Watch out! Getting money from an ATM can be expensive when traveling – costing you up to $5 per withdrawal in addition to currency conversion fees and additional fees from the ATM network or bank you use. Even if you planned ahead and exchanged money at your local bank before leaving, you might still encounter a situation in which you would need additional funds. For example, perhaps you found a piece of art at a market that you loved and had to pay for it in cash. Or maybe you went out for dinner and didn’t realize that the restaurant you chose didn’t take credit cards. Suddenly you find that you’re low on cash and need to replenish your wallet.
You may also want to use your debit card or credit card in order to pay for some of your transactions. But before you whip out your debit card every time you buy a new souvenir, make sure that you’re aware if your bank charges foreign conversions fees when traveling. The same goes with using your credit card. Even many travel credit cards still charge foreign conversion fees of as much as 2% to 3% which can add up quickly.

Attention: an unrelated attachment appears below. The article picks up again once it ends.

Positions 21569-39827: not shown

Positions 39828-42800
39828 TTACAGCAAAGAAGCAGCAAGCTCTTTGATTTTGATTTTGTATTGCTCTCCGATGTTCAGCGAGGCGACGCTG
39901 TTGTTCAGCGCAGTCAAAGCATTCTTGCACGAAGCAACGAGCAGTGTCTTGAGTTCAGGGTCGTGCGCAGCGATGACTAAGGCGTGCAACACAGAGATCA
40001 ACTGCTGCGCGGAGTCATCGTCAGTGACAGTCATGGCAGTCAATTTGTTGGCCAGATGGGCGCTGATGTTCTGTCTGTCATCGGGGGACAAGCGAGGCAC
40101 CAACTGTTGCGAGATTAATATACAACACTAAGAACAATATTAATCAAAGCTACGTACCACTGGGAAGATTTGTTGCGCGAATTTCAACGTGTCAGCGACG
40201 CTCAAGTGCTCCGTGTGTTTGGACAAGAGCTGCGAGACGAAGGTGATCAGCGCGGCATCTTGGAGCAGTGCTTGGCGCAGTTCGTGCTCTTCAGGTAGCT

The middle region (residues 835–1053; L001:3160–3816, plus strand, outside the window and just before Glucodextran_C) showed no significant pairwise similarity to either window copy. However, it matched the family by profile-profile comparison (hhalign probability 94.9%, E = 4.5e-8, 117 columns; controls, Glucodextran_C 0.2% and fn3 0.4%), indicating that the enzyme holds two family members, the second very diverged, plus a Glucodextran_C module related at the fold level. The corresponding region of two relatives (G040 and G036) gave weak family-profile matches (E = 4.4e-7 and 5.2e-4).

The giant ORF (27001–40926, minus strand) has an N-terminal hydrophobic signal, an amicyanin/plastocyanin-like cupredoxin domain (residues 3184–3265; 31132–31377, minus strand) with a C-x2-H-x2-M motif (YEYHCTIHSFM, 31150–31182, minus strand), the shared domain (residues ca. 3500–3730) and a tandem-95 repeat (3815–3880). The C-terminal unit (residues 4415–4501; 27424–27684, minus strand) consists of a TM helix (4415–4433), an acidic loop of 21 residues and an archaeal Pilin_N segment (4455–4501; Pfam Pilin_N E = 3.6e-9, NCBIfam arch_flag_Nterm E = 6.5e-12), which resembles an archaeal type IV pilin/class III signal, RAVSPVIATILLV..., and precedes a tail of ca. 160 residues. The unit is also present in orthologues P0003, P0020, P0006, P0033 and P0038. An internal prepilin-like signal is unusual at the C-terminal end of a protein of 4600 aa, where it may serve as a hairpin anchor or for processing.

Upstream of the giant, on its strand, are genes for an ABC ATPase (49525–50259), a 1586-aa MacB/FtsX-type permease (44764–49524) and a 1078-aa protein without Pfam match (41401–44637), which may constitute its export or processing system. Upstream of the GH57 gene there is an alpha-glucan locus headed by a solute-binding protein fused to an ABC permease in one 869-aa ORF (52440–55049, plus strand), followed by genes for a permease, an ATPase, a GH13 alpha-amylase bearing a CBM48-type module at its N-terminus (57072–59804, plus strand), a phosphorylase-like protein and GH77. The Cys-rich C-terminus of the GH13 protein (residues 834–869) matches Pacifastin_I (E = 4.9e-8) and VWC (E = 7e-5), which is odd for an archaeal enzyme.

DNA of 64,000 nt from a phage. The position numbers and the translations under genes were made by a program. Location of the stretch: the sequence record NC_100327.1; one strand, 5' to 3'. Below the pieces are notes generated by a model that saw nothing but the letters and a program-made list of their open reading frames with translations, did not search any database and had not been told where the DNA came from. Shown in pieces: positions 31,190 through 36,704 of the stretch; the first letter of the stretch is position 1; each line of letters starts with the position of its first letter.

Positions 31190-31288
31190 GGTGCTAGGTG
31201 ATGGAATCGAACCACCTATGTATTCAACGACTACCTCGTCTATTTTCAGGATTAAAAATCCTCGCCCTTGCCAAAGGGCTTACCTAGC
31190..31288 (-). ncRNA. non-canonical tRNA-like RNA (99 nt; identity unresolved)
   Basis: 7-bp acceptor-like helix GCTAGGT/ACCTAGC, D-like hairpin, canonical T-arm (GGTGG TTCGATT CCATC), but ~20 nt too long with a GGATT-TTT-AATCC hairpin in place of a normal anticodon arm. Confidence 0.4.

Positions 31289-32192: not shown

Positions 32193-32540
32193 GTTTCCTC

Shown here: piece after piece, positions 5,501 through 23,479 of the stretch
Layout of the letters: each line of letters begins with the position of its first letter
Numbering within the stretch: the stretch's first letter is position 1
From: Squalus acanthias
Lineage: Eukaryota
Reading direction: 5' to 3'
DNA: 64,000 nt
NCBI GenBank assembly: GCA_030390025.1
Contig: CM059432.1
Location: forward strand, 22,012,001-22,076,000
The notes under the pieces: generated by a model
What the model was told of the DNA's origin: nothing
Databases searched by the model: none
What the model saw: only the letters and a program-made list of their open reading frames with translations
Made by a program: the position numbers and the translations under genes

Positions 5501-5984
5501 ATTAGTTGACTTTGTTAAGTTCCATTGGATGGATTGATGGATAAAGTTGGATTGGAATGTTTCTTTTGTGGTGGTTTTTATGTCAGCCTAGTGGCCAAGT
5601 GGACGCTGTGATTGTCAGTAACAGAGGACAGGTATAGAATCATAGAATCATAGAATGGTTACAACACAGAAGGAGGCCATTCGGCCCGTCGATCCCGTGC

at Chime’s secure website
Say goodbye to hidden bank fees with Chime
- No monthly or overdraft fees
- No minimum balance requirements
- Daily balance updates
- Receive $5 free when you open an account
How to Avoid Bank Fees When Using Debit or Credit Cards
There are some debit or credit cards which do not charge a foreign exchange fee, so be sure to find out before you travel what your cards charge. If all of your cards charge a foreign transaction fee, you might want to see if you can switch to a different checking account type that doesn’t or apply for a new credit card with no foreign transaction fees before leaving. Be sure to read all the fine print around foreign transactions on the cards you intend to use.